It’s official, people know very little about the internet and domain names

Public Interest Registry, the not-for-profit operator of the .org, .ngo and .ong domains, debuted the findings of its first Internet 101 Survey, a study testing basic internet knowledge among U.S. internet users of all ages and backgrounds.

The results underscore the need for widespread internet education among users and spotlight critical issues from net neutrality to global internet access disparities. Public Interest Registry’s Internet 101 Survey also reinforces the organization’s goal to provide useful information for individuals and companies on topics ranging from internet operations to online security to help users more safely and effectively harness the power of the World Wide Web.

The results of the survey make it official: people know very little to nothing about how the internet works and what domain names are and do. (Like I didn’t know this…)

Internet Knowledge – Perception vs. Reality

The survey found that while 84 percent of people reported they are “knowledgeable” about the internet, there’s a significant gap between perception and reality. For instance, only 20 percent of consumers knew that the World Wide Web is different from the internet. The below results show how basic internet facts can stump many internet users.

  • Only 29 percent of participants correctly identified the meaning of HTTP, with 31 percent admitting outright they did not know the meaning of the term
  • 68 percent of people could not identify the decade when the World Wide Web was invented
  • Only 31 percent of users could correctly define a “domain name system”
  • Less than half of participants correctly identified HTTPS as a more secure protocol that’s safer to share personal or financial information

While the survey revealed a handful of widely held misconceptions about the internet, consumers did fare slightly better on the below questions.

  • Most participants (59 percent) correctly defined a URL as another term for a web address
  • 66 percent of people correctly identified a domain name from a browser, an email address and a social media handle
  • A total of 80 percent of users knew that they could find official information from their Congressman at a .gov domain name

Battle of the Ages – Millennials vs. Boomers

Millennials may have grown up using the internet, but users from the boomer generation are more knowledgeable than both millennials and Generation X when it comes to basic information about the internet, from online safety to internet operations. Here are a few areas where boomers outpaced their younger counterparts.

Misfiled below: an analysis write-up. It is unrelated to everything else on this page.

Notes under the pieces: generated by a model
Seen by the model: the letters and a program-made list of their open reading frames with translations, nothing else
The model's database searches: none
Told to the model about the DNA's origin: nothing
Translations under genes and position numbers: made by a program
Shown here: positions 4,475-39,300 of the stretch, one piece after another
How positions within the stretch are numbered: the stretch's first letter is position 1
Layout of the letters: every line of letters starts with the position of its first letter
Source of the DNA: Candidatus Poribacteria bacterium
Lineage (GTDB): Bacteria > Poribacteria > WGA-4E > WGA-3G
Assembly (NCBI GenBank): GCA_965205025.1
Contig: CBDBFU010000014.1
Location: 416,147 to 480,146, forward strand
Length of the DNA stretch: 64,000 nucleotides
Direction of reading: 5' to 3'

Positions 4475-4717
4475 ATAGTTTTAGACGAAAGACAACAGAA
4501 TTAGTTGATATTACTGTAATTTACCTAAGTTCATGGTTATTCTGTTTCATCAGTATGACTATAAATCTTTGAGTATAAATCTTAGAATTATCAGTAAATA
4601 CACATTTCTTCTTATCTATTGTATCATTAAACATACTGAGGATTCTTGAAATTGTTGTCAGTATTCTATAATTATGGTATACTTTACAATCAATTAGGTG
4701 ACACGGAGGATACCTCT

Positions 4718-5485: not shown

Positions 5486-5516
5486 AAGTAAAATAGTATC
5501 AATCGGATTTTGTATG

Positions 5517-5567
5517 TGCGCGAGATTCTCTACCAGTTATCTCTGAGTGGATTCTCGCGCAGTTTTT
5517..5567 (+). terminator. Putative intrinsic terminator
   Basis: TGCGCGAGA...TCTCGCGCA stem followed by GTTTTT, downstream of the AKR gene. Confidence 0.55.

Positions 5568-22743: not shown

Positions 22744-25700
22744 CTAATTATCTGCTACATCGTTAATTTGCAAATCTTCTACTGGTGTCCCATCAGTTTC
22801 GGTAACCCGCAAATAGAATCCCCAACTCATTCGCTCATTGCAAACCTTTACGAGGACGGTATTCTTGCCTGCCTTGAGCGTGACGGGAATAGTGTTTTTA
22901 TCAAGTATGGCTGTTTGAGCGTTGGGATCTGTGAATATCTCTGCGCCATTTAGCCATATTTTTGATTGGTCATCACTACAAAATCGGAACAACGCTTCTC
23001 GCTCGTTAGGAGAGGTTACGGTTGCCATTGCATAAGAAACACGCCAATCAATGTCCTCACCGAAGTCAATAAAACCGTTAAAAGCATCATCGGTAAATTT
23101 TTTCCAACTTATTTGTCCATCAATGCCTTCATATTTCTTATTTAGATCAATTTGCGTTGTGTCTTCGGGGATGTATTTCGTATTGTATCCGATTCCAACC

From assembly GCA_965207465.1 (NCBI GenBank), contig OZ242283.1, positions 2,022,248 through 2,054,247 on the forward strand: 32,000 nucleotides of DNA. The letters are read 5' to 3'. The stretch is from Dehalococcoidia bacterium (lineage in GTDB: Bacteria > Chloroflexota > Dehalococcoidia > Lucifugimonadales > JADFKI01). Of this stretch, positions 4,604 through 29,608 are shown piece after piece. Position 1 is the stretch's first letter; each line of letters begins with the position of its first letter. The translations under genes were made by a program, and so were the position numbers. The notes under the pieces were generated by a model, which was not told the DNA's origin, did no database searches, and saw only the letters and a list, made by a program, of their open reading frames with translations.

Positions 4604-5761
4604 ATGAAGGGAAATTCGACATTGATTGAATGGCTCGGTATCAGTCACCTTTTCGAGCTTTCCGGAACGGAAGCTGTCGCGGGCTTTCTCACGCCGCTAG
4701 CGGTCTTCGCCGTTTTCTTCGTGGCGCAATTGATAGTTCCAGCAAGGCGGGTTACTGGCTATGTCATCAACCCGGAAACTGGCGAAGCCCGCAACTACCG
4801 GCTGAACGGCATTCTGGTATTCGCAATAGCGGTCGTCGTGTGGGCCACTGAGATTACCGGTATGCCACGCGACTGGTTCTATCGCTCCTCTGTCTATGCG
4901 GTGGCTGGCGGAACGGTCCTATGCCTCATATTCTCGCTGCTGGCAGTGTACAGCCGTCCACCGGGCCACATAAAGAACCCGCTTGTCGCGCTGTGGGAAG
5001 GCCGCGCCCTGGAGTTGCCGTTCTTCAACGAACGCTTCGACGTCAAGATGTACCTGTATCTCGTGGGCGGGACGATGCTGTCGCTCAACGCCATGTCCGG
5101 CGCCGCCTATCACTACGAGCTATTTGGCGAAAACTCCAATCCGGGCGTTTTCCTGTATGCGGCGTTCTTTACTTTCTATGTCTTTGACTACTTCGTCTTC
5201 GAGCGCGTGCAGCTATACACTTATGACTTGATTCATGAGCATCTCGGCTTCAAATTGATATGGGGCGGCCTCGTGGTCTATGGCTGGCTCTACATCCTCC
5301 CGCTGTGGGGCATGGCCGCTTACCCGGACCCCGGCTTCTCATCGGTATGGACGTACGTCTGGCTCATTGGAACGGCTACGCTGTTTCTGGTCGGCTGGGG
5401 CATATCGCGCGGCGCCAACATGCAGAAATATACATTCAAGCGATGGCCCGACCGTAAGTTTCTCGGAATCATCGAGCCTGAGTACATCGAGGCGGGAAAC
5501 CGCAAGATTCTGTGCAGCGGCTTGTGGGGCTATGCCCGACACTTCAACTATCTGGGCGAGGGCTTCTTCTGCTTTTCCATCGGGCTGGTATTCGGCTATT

• More baby boomers could identify a safe site (47 percent) than millennial or Generation X users.
  • 34 percent of boomers compared to 29 percent of millennials knew the World Wide Web was created in the 1980’s
  • Fewer millennials (42 percent) knew the correct definition of the internet than boomers (46 percent)
  • More boomers knew the correct percentage of the world’s population with access to the internet than the other age groups surveyed

“The survey revealed that 50 percent of U.S. internet users think more people globally are connected to the internet than actually are, which is a reminder of the work that must be done to close the global internet education and the internet access gap,” said Public Interest Registry CEO Brian Cute. “Public Interest Registry hopes this survey will not only educate, but also help spark dialogue around internet issues such as access, cybersecurity threats and more.”

Internet 101 – What You Should Know 

There’s a lot for users to learn about the internet – how it works and the issues impacting future internet regulation and access. Of those surveyed, the average user has been online for 17 years, which shows that long term internet use alone does not equate to a better understanding of this powerful tool. Users must be provided the resources they need to more confidently use the internet. Below are few facts to get up to speed on the basics.

  1. A total of 47 percent of the world’s population has access to the Internet, which amounts to approximately 3.9 billion people globally who are not online.
  2. The correct definition of the internet is a system of interconnected networks that allows different computers to connect with one another.
  3. The World Wide Web is not the same as the internet, it is an information system on the Internet that allows documents to be connected to other documents by hypertext links.
  4. The World Wide Web was invented in 1989 by Tim Berners-Lee in a paper called “Information Management: A Proposal.” The concept was initially deemed “vague, but exciting” by Berners-Lee’s boss.
  5. The HTTP at the beginning of a website stands for Hypertext Transfer Protocol, the standard over which data is sent between a browser and a site.
  6. A site that begins with HTTPS is a secure site that is safer to insert credit card info or personal information. The “S” at the end stands for secure and means that communications between your browser and the website are encrypted.
  7. HTML is the standard language for creating websites, but a variety of web development languages such as Java and Python exist to help make webpages more dynamic and complex.
  8. While the internet is not managed or regulated by any one individual, organization or country, some organizations help maintain the internet, such as The Internet Corporation for Assigned Names and Numbers (ICANN) which manages internet protocols and domain name systems.
  9. The first generic top-level domains created in the early development of the internet were: .org, .com, .net, .gov, .edu, .mil and .int.
  10. If you’d like to create a website, you can purchase a domain name from a registrar.

For more information on the Internet 101 Survey and to test your own knowledge of the internet please visit


About Konstantinos Zournas